Just when children are learning to separate from their parents
and be in a setting that promotes socialization.
This often leads to a sense, or a lack of a sense, of belonging.
And we all know what belonging is correlated with.
It's correlated with intellectual achievement,
and it's correlated with our sense of health.
Isolation, loneliness, low social stature,
all contribute to our ability to participate in the classroom.
Does this feeling, or lack of feeling, of belonging and connectedness affect
what we see in schools today with bullying and exclusion?
What then is the effect of the standardized system on educators?
Educators are more pressured than ever
to show that their children can make the grade.
They are judged by their children's performance on standardized tests,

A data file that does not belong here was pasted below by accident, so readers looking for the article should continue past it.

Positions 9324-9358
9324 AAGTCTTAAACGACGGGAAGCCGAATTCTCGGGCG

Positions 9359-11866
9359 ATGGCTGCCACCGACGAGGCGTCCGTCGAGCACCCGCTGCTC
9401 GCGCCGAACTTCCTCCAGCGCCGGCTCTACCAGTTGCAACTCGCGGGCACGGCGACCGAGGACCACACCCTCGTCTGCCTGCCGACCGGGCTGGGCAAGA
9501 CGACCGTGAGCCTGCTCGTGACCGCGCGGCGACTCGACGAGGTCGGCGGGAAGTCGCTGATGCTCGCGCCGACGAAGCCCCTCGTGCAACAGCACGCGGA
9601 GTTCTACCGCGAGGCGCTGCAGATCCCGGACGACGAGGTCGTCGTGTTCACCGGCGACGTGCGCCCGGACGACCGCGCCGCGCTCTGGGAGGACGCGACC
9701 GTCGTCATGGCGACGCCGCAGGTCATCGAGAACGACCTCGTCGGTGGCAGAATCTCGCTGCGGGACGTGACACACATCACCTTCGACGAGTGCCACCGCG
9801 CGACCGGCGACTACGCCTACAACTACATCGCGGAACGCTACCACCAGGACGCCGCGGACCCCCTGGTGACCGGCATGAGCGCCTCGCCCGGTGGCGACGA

and they are judged
by the performance of the schools and their academic ratings.
Educators are more isolated and lonely than ever before.
So for children with disabilities,
that sense of isolation and separation has been there throughout history.
Institutionalization was a long-accepted strategy until 25 or so years ago.
It wasn't until Brown vs. Board of Education
was passed by the Supreme Court in 1954
that the racial segregation ruling paved the way for de facto segregation
of children with disabilities from their peers.
It took another 20 years
for Individuals with Disabilities Education Act of 1974 to be passed.
That was what finally gave children with disabilities, aged 5 to 21,
the educational entitlement to be educated in same schools as their peers.
Yet still, many of the children labeled with special education
are in segregated settings, or what we call 'pulled out',
where they are pulled out from the regular classroom
and given specialized assistance.
42% of children with special education needs
By that very definition,
they have average or above-average intelligence,
and yet, they are still pulled out of the regular classroom
on a regular basis in many settings.